The Fairfax County Board of Supervisors last night effectively overturned a controversial 1984 ruling that had spelled out what activities may take place on church property.

That ruling by former Zoning Administrator Philip G. Yates had triggered a barrage of protest from church leaders and their followers, particularly because it would have required churches to seek special permission to operate shelters for the homeless. Although the county never enforced the ruling, critics called it an attempt to define church-state relations and limit the proper role of religion.

Yesterday, a parade of clergy and laymen denounced the ruling in a public hearing before the supervisors.

After nearly 50 speakers -- most fervent, some cautionary -- denounced Yates' ruling, the board effectively undid Yates' interpretation of the county zoning law by changing the zoning law. The vote was unanimous.

"This new ordinance is a giant step in the right direction," said Board Chairman John F. Herrity, a Republican. He called the Yates ruling "an attempt by an individual . . . to codify the relationship between church and state."

In contrast to the ruling, which had listed specific activities sanctioned for churches, the law enacted last night is broadly drawn, permitting uses of church property "in furtherance of . . . religion."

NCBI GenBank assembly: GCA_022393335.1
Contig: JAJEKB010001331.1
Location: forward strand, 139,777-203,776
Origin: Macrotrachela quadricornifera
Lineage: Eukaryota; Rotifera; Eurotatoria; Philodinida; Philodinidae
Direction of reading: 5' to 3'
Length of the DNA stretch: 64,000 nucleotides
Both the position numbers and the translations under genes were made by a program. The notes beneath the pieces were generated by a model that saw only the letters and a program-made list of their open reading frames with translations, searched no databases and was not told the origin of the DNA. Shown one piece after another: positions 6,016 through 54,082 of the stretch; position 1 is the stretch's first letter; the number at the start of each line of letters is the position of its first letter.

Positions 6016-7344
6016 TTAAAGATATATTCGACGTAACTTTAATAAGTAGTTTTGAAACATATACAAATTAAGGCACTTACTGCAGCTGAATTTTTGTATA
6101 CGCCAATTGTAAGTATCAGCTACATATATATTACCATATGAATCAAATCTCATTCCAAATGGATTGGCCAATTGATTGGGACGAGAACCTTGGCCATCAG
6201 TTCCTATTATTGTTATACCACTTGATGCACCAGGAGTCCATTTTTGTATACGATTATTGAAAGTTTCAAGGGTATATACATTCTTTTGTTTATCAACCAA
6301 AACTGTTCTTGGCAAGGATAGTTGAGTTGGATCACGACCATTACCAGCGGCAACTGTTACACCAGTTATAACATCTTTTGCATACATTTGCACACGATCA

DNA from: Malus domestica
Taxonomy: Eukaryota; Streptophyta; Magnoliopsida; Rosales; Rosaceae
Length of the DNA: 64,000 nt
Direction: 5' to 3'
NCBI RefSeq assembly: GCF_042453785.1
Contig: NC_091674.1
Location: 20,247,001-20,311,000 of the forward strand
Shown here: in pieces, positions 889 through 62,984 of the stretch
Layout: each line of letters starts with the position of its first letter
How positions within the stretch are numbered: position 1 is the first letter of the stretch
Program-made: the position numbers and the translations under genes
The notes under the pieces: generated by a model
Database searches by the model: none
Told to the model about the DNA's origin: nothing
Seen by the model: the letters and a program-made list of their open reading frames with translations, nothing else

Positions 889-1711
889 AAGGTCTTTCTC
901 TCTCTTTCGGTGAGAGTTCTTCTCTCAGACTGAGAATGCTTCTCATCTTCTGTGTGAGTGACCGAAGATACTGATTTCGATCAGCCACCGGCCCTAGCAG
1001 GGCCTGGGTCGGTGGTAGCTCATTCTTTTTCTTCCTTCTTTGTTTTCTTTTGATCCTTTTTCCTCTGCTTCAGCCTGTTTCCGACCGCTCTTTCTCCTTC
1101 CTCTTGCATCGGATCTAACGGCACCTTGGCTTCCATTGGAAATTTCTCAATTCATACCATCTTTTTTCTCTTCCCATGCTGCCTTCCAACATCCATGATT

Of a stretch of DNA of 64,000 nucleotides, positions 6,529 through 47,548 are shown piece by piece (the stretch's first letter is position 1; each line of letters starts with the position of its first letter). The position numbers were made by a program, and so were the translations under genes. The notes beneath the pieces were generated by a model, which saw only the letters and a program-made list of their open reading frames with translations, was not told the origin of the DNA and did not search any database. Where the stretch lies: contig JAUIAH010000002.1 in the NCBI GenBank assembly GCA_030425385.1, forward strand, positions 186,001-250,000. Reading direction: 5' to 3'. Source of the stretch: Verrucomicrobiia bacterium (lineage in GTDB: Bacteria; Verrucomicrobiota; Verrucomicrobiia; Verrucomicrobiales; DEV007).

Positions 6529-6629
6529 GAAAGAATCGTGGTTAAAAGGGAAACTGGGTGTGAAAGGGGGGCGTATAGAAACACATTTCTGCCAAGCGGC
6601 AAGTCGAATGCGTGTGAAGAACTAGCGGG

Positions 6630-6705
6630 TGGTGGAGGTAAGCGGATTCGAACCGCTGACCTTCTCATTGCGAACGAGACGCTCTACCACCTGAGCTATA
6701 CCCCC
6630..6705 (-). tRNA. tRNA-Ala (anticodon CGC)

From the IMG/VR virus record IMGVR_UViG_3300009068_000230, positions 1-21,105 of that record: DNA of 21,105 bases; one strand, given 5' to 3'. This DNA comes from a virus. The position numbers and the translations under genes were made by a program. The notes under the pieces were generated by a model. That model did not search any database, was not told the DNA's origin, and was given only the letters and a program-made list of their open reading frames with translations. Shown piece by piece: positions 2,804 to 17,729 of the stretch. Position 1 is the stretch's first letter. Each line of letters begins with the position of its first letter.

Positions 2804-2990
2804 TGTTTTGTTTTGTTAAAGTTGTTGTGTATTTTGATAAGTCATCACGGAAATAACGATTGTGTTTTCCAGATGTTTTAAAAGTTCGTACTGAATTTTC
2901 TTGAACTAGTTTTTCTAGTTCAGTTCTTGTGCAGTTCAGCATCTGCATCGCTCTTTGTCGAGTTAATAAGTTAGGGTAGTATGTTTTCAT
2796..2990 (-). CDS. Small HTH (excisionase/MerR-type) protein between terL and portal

Although the supervisors had joined in the criticism of Yates' ruling, state law prevented them from overruling his interpretation of the local zoning ordinance.

Nearly 200 church leaders and their followers jammed the county board chambers for yesterday's hearing as some speakers opposed any law, some spoke for only the mildest of laws, and some scolded the supervisors and county staff and lectured them on constitutional protections.

"The church belongs to God and not to Fairfax County," declared B.W. Sanders, minister of the Bethlehem Baptist Church. "Do you honestly know what a church is supposed to do? If I were to ask you to write a job description for a church, what would you write?"

County supervisors were harsh in their assessment of the ruling by Yates, who has left the county for private employment, and the controversy it has engendered.

"This is one of the worst pieces of staff work I've ever seen coming out of the county," said Supervisor Thomas M. Davis III, a Republican. "It's wrong in every sense of the word."

Herrity was quick to agree. "The Board of Supervisors would like to take Interpretation 52," as the ruling is known, he said, "and burn it."

A few speakers at the hearing endorsed a proposed zoning ordinance that would have listed activities permitted on church property. They argued that such a law could strike a balance between the county's interest in protecting its neighborhoods and the churches' right to practise religion freely.

"We do not feel that churches should be granted immunity from county ordinances," said Alan Mayer, who represented the Fairfax County Federation of Citizens Associations.

But that proposal, which would have allowed religious services, religious study programs, choir practices, vacation bible schools "and other similar programs . . . " on church property, was criticized by most of the speakers and ultimately was shelved.

The phrase, "similar programs," drew fire from some opponents who said that the wording left it up to the county to define activities not specified in the ordinance.